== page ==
Careers rarely develop the way we plan them. Our career path often takes many twists and turns, with particular events, choices and people influencing our direction.

We asked Kevin Keary from EU Careers to give some advice for people considering this job:

Kevin Keary

Parliamentary Assistant

EU Careers

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Kevin Keary
Be proactive and look for the areas that interest you whether it’s the Environment or Human Rights and find MEP’s or interest groups that specialise in those interests and take the initiative to send them your CV.

Having a European language would help you considerably in this career. Irish should also not be ruled out as an option as this is considered as a second language.
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Investigative?
Investigative
The Investigative person will usually find a particular area of science to be of interest. They are inclined toward intellectual and analytical activities and enjoy observation and theory. They may prefer thought to action, and enjoy the challenge of solving problems with clever technology. They will often follow the latest developments in their chosen field, and prefer mentally stimulating environments.
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Occupation Details

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Historian

Job Zone

Education
Most of these occupations require post-graduate qualifications. For example, they may require a masters degree, and some require a Ph.D., or M.D.

Related Experience
Extensive skill, knowledge, and experience are needed for these occupations. Many require more than five years of experience plus specialist training to be able to do their job.

Job Training
Employees may need some on-the-job training, but most of these occupations assume that the person will already have the required skills, knowledge, work-related experience, and/or training.

Job Zone Examples
These occupations often involve coordinating, training, supervising, or managing the activities of others to accomplish goals. They may also require very specialist skills. Very advanced communication and organisational skills are required. Examples include lawyers, aerospace engineers, wildlife biologists, school psychologists, surgeons, treasurers, and most scientists.

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At a Glance... header image

Researches, analyses, and interprets the past by studying historical documents and sources.


Videos & Interviews header image

Follow the links below to watch videos related to this occupation:

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Go..Digitisation of Parish Registers at the NLI - from: National Library of Ireland [Video]
Go..Head of Digital Library, NLI - from: National Library of Ireland [Video]

Go..Search YouTube for Historian videos

Tasks & Activitiesheader image

The following is a list of the most commonly reported tasks and activities for this occupation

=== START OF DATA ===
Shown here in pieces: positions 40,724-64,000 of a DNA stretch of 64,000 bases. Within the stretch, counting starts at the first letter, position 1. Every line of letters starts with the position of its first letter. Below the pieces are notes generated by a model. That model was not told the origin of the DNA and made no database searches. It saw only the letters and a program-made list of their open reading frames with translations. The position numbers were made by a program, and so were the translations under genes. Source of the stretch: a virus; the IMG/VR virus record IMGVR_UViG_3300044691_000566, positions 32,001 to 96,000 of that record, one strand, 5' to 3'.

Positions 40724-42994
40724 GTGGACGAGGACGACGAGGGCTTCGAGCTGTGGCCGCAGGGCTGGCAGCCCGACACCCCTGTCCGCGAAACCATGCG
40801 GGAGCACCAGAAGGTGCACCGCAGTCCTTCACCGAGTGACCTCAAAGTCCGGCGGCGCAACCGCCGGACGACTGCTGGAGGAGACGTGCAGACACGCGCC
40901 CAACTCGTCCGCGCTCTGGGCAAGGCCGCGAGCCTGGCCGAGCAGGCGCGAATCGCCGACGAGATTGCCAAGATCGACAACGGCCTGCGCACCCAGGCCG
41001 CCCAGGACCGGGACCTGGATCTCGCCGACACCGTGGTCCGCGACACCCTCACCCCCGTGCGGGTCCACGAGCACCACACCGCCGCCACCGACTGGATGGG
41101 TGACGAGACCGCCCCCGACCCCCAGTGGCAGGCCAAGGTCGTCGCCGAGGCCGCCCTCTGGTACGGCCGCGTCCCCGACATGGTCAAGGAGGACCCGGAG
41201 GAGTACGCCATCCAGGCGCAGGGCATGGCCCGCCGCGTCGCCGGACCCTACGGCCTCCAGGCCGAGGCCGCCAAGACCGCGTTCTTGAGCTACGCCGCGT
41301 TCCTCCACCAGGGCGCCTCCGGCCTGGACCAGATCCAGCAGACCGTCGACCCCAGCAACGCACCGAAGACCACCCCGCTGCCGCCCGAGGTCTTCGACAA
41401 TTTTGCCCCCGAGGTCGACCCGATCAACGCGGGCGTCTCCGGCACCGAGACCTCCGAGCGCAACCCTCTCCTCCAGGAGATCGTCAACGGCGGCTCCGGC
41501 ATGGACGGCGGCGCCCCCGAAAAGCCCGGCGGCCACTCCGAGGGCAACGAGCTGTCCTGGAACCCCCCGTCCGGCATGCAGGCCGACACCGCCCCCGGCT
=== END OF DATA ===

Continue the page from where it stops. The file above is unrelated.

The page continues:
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Organize data, and analyze and interpret its authenticity and relative significance.

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Gather historical data from sources such as archives, court records, diaries, news files, and photographs, as well as collect data sources such as books, pamphlets, and periodicals.

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Trace historical development in a particular field, such as social, cultural, political, or diplomatic history.

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Conduct historical research as a basis for the identification, conservation, and reconstruction of historic places and materials.

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Teach and conduct research in colleges, universities, museums, and other research agencies and schools.

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Conduct historical research, and publish or present findings and theories.

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Speak to various groups, organizations, and clubs to promote the aims and activities of historical societies.

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Prepare publications and exhibits, or review those prepared by others, to ensure their historical accuracy.

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Research the history of a particular country or region, or of a specific time period.

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Present historical accounts in terms of individuals or social, ethnic, political, economic, or geographic groupings.

Work Activities header image

The following is a list of the most commonly reported work activities in this occupation.

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Getting Information: Observing, receiving, and otherwise obtaining information from all relevant sources.

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Communicating with Persons Outside Organization: Communicating with people outside the organization, representing the organization to customers, the public, government, and other external sources. This information can be exchanged in person, in writing, or by telephone or e-mail.